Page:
Tuesday, December 10, 2013

Key Trends for 2014: Always-On Commerce

“Always-on commerce” is a subtle but significant evolution from “everywhere commerce,” brought on by consumers’ ubiquitous connectivity, according to a new eMarketer report, “Key Digital Trends for 2014.” The upshot is consumers who are, in effect, always in the consideration phase for something and rarely more than a tap away from jumping from a physical store to a virtual store, or from one online merchant to another.
The impact of a pervasive “shopping state of mind” fostered by greater mobile connectivity is only beginning to be reflected in commerce sales forecasts. eMarketer predicts that by 2017, mobile will account for 26.0% of US retail ecommerce sales (which exclude travel and event tickets), up from 19.0% in 2014. That still translates into a small fraction of total retail sales, however.



Nick Hodson, partner at Booz & Co., put his finger on it when he explained: “Smartphone use is more or less continuous. [It] doesn’t say anything about whether the use has anything to do with shopping, but it does mean that [it has] a large part of the consumer’s mindshare during that shopping mission. The shopping trip starts earlier and ends later than it used to.” In other words, even if consumers are not consciously shopping, they are shopping nonetheless. It is about state of mind as much as intent and physical location.
Though mobile still accounts for such a small share of US retail sales, this shift is further along in more digitally advanced markets like the UK, where mobile will account for an estimated 24% of retail ecommerce sales in 2014, and rise to 35% in 2017. Mcommerce also is growing at a far faster clip in the UK. Retail mcommerce sales in that country will increase 53.3% in 2014, eMarketer estimates—more than triple the 15% growth rate for retail ecommerce.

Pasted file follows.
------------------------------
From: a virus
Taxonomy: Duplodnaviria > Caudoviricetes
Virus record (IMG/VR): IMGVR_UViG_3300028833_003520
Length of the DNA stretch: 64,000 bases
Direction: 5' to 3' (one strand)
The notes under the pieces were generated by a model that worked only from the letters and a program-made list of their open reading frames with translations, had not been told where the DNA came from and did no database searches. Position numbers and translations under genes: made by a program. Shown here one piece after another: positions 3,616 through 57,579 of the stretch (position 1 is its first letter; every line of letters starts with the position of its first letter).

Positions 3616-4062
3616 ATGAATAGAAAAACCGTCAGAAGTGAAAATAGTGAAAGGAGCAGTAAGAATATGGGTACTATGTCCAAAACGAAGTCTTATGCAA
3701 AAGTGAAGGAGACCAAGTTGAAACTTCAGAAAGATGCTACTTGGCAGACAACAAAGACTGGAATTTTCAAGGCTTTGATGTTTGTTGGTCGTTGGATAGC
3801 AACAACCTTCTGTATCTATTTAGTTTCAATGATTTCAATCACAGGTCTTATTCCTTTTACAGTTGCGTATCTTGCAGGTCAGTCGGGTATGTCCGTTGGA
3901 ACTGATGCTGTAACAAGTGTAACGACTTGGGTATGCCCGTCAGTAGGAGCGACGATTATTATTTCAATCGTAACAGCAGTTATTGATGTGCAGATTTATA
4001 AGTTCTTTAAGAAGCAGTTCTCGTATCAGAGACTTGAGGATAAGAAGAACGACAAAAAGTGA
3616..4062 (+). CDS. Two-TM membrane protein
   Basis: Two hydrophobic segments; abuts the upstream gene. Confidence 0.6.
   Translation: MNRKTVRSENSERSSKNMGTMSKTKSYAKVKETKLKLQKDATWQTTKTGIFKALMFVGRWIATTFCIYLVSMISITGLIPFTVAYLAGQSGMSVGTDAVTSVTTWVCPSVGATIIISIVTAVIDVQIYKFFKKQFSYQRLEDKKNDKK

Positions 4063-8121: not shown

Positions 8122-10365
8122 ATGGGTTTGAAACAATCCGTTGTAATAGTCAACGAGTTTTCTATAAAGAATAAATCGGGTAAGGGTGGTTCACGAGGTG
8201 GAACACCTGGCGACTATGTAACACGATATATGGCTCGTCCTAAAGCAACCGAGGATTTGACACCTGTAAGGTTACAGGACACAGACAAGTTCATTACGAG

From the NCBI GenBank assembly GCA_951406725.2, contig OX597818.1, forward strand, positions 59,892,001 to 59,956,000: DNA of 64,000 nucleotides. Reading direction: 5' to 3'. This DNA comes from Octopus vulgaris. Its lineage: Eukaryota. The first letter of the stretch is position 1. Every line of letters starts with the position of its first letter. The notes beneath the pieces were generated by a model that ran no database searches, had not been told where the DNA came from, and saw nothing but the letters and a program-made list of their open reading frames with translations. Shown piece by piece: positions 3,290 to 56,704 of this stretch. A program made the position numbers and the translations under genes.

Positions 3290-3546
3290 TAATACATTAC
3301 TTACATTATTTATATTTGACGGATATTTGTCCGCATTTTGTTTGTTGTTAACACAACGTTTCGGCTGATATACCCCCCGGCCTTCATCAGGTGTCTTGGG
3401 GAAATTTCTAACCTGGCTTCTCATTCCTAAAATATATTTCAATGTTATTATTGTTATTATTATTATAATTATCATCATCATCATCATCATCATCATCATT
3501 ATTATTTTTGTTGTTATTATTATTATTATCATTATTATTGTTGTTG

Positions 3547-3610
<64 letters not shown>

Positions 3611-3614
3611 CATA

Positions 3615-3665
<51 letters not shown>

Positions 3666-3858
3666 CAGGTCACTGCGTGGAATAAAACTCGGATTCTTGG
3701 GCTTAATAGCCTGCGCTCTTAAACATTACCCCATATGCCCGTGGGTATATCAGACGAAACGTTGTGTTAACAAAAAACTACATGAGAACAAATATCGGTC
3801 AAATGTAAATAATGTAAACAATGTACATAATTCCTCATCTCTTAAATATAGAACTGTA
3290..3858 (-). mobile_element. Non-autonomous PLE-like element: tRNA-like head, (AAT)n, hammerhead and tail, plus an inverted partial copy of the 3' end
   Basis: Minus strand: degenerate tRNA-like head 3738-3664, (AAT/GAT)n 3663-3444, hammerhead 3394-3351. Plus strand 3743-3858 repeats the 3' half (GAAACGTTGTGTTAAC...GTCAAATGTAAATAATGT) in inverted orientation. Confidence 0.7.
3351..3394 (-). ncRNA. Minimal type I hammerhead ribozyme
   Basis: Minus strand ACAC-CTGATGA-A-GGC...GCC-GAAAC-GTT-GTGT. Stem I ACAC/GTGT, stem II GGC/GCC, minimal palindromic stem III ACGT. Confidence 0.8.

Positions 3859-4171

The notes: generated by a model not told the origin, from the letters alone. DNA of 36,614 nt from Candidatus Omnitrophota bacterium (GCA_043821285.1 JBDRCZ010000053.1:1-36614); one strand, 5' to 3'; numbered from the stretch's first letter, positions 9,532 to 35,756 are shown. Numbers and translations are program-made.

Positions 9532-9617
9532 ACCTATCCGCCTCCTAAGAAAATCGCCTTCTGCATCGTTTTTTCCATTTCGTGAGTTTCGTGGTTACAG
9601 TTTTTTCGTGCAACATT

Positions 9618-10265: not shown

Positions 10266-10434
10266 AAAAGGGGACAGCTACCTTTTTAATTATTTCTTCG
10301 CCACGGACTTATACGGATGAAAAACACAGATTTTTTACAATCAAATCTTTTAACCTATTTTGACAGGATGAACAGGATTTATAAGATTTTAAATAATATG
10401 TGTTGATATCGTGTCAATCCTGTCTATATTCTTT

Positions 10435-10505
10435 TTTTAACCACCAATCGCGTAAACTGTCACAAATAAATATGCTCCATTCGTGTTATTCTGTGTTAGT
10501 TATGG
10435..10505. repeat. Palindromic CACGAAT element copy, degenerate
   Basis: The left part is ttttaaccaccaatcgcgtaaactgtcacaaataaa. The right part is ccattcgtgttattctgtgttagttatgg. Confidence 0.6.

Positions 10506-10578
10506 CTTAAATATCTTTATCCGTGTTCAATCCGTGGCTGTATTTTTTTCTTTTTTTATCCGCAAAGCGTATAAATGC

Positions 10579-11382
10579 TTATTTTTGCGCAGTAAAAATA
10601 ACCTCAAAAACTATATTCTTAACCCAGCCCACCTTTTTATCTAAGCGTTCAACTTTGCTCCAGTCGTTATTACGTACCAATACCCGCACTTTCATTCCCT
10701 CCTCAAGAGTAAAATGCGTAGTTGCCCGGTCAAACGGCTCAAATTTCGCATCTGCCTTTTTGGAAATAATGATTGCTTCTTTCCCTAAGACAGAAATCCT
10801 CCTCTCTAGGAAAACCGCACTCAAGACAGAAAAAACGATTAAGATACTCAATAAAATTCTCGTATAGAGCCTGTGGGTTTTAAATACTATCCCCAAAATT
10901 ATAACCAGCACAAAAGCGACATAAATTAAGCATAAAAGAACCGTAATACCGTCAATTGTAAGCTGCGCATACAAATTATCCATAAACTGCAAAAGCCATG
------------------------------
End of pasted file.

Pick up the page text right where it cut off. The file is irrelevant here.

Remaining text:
Tablet commerce is emerging as key to the overall mobile retail equation. For now, however, smartphones provide more attainable access to the much-larger segment of consumers in both developed and emerging markets who can afford to buy only one device.
The combination of portability, connectivity and relative affordability gives the smartphone a privileged place in driving always-on commerce. Unlike tablets, smartphones are more frequently used on the go, often to assist in a purchase that in many cases does not necessarily terminate on the device. Even if tablets generate far higher on-device sales, smartphones play a unique role as the fulcrum between digital and physical retail.


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